Pablo Picasso, 1933, photo Man Ray © Man Ray Trust/2010 ProLitteris, Zurich

To celebrate its centenary, Kunsthaus Zurich restages the mythical 1932 retrospective that was to establish Picasso as one of the most radical artists of the 20th century. Originally curated by Picasso himself, the show offers insight into his creative genius and keys to understanding his work. The last major Picasso retrospective took place 30 years ago.

There has not been a major Picasso retrospective since the one that took place in 1980 at MoMA, the New York Museum of Modern Art.

Exhibitions with Picasso’s works are programmed continuously all over the world (see list of recent examples at end), but none of the displays can claim to illustrate the meaningful journey of an artist into his creativity through his own selection of works.

Picasso, his first museum exhibition 1932 at the Kunsthaus in Zurich until January 30, 2011 revives the show that took place at Kunsthaus Zurich in autumn 1932 and in which Picasso played a major curatorial role.

Pablo Picasso, Mandolin and Guitar (Mandoline et guitare), 1924, Oil with sand on canvas, 140,7 x 200,3 cm
Solomon R. Guggenheim Museum, New York © 2010 ProLitteris, Zurich

A first version of the exhibition had taken place in Paris in the spring of 1932 at the private Georges Petit gallery.

Piqued by his rivalry with Matisse, who had exposed in the same venue a year before, Picasso selected emblematic pieces from 1899 onwards, which he scattered amongst the large-scale compositions that he had feverishly prepared for the show.

Discovering Picasso’s more recent works, the then director of the Kunsthaus, Wilhelm Wartmann, who had travelled to Paris to see the show, had the foresight to distinguish that Picasso “was in a league of his own” and dropped his original idea of a joint Picasso/Braque/Léger presentation.

“What we have done at the Kunsthaus is a retrospective in retrospective,” curator Tobi Bezzola says of a project that took five years to complete. Because the original catalogue contained no illustrations, he and his collaborators have painstakingly reassembled the exhibition’s puzzle.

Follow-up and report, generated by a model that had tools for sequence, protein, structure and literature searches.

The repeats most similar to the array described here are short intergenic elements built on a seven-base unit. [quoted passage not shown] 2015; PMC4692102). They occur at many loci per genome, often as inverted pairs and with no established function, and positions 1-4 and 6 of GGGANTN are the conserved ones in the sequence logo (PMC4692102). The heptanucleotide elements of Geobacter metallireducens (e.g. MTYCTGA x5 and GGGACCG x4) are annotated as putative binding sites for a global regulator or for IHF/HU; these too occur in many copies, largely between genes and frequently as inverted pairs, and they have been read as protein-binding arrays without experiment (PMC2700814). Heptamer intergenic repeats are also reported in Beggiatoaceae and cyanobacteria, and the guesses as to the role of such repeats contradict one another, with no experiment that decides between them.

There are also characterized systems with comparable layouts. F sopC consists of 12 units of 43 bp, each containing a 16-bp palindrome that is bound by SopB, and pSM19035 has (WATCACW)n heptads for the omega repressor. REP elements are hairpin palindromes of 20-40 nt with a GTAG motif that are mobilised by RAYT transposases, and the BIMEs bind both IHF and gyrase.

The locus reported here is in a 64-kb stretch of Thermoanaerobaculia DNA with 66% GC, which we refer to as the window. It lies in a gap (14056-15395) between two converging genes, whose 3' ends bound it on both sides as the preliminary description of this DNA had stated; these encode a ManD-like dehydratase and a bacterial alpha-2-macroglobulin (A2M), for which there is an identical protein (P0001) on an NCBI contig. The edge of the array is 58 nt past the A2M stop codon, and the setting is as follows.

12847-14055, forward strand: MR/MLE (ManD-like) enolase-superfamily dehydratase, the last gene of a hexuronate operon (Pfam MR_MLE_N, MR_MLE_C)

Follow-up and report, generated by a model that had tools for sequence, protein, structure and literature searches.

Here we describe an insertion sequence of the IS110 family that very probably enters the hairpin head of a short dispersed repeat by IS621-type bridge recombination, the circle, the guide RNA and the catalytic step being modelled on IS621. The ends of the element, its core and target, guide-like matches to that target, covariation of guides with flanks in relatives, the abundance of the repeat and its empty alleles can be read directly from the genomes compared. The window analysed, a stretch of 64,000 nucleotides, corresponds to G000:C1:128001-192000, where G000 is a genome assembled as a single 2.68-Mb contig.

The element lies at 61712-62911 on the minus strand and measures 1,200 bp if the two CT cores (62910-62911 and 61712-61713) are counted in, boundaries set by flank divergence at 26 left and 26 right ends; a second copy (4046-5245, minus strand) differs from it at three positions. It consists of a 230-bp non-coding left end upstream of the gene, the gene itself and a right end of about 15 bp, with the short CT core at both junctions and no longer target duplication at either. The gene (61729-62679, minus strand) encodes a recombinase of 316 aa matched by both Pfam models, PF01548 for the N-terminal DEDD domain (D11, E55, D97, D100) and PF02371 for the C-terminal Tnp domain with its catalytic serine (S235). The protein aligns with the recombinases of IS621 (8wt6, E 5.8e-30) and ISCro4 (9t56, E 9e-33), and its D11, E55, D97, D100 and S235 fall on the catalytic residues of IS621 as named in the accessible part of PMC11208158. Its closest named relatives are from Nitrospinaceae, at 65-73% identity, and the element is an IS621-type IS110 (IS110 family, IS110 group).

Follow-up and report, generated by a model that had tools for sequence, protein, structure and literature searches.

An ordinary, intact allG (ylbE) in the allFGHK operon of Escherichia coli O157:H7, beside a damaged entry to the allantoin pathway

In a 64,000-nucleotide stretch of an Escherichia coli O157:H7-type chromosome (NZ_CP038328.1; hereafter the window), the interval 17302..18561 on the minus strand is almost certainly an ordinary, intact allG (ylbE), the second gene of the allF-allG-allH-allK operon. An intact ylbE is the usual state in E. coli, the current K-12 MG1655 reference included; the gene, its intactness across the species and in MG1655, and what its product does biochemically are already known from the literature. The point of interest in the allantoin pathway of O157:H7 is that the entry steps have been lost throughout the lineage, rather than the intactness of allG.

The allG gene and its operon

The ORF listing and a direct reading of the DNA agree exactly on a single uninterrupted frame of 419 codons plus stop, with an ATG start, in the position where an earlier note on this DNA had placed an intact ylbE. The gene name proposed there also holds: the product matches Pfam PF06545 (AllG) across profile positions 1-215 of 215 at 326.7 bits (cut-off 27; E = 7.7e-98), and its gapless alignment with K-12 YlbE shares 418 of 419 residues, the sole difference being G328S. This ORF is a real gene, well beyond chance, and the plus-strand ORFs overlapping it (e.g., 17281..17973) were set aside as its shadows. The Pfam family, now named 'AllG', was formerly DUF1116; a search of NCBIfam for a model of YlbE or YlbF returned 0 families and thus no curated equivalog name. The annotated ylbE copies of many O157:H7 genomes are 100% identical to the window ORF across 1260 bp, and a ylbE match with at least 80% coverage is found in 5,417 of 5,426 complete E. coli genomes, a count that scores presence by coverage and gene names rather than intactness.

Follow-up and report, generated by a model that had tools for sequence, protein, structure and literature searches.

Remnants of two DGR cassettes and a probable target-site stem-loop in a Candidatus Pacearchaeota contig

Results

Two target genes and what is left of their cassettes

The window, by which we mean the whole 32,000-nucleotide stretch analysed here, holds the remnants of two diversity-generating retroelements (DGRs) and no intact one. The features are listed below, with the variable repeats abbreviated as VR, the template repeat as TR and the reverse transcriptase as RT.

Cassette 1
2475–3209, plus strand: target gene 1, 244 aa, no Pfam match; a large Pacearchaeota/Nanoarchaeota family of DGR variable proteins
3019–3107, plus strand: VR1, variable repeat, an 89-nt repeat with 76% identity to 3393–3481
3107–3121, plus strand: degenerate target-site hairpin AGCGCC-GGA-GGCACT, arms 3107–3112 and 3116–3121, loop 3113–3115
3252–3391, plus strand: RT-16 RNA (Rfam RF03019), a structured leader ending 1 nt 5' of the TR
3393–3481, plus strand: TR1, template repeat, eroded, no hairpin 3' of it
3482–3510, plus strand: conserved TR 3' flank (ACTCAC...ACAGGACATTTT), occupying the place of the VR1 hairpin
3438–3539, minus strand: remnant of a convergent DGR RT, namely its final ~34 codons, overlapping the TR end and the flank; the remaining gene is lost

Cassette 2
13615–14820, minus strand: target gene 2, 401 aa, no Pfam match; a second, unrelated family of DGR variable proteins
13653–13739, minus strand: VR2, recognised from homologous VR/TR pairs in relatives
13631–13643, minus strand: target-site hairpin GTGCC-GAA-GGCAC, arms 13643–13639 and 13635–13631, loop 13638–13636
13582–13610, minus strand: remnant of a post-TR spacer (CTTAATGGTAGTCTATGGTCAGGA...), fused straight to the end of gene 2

Pablo Picasso, Pitcher and Fruit Bowl (Pichet et coupe de fruits), 1931, Oil on canvas , 130,2 x 194,9 cm
Saint Louis Art Museum, Legat Morton D. May © 2010 ProLitteris, Zurich

They were able to identify and locate the 240 works that were included in the original Zurich exhibition and have obtained the loan of more than 100 of them.

Interestingly, the largest number of works in the 1932 exhibition came from a collection in Lausanne belonging to Dr. Gottlieb Friedrich Reber (1880-1959), who was described during a visit to America in 1930 as “without any question the most important collector of modern art in Europe today”.

The timing for the first exhibition was perfect, Bezzola believes, because, coming right after the stock market crash, a number of collectors, including Reber, needed to sell, whilst gallery owners and art dealers needed to collaborate to survive. The status of the Kunsthaus allowed the sale of the works on show.

“The scientific reconstitution of a historically important show,” he indicates, “was the legitimatization to knock on important doors” and secure loans that would have been virtually impossible to obtain otherwise.

But not a single painting was obtained without lengthy negotiations, he points out. More than 40 institutions and countless private collectors have agreed to part with their works during the show, which is exclusive to Zurich and will travel nowhere else.

Installation view, photo © jpg-factory.com

“We toyed with the idea of holding it in the galleries of the Kunsthaus where it originally took place, but this proved to be impossible for reasons of flow and access of visitors and also because it would have meant emptying out our permanent collections.”

Insurance costs, which already represent two thirds of the budget, would have soared even higher.

Because this ruled out the idea of visually recreating the original show, Bezzalo decided on an installation that clearly divides Picasso’s earlier production from his conceptual breakthrough in the late 20s and early 30s. “I really wanted to preserve two distinctive parts to the show,” he indicates.

Visitors first walk into an intimate display of Picasso’s pink and blue periods and Cubist and neo-classical phase that resonate gently against walls painted in the Kunsthaus’s signature green-grey.

Another section is devoted to Picasso’s immense ability as a draughtsman, reminding us that he was not just a painter.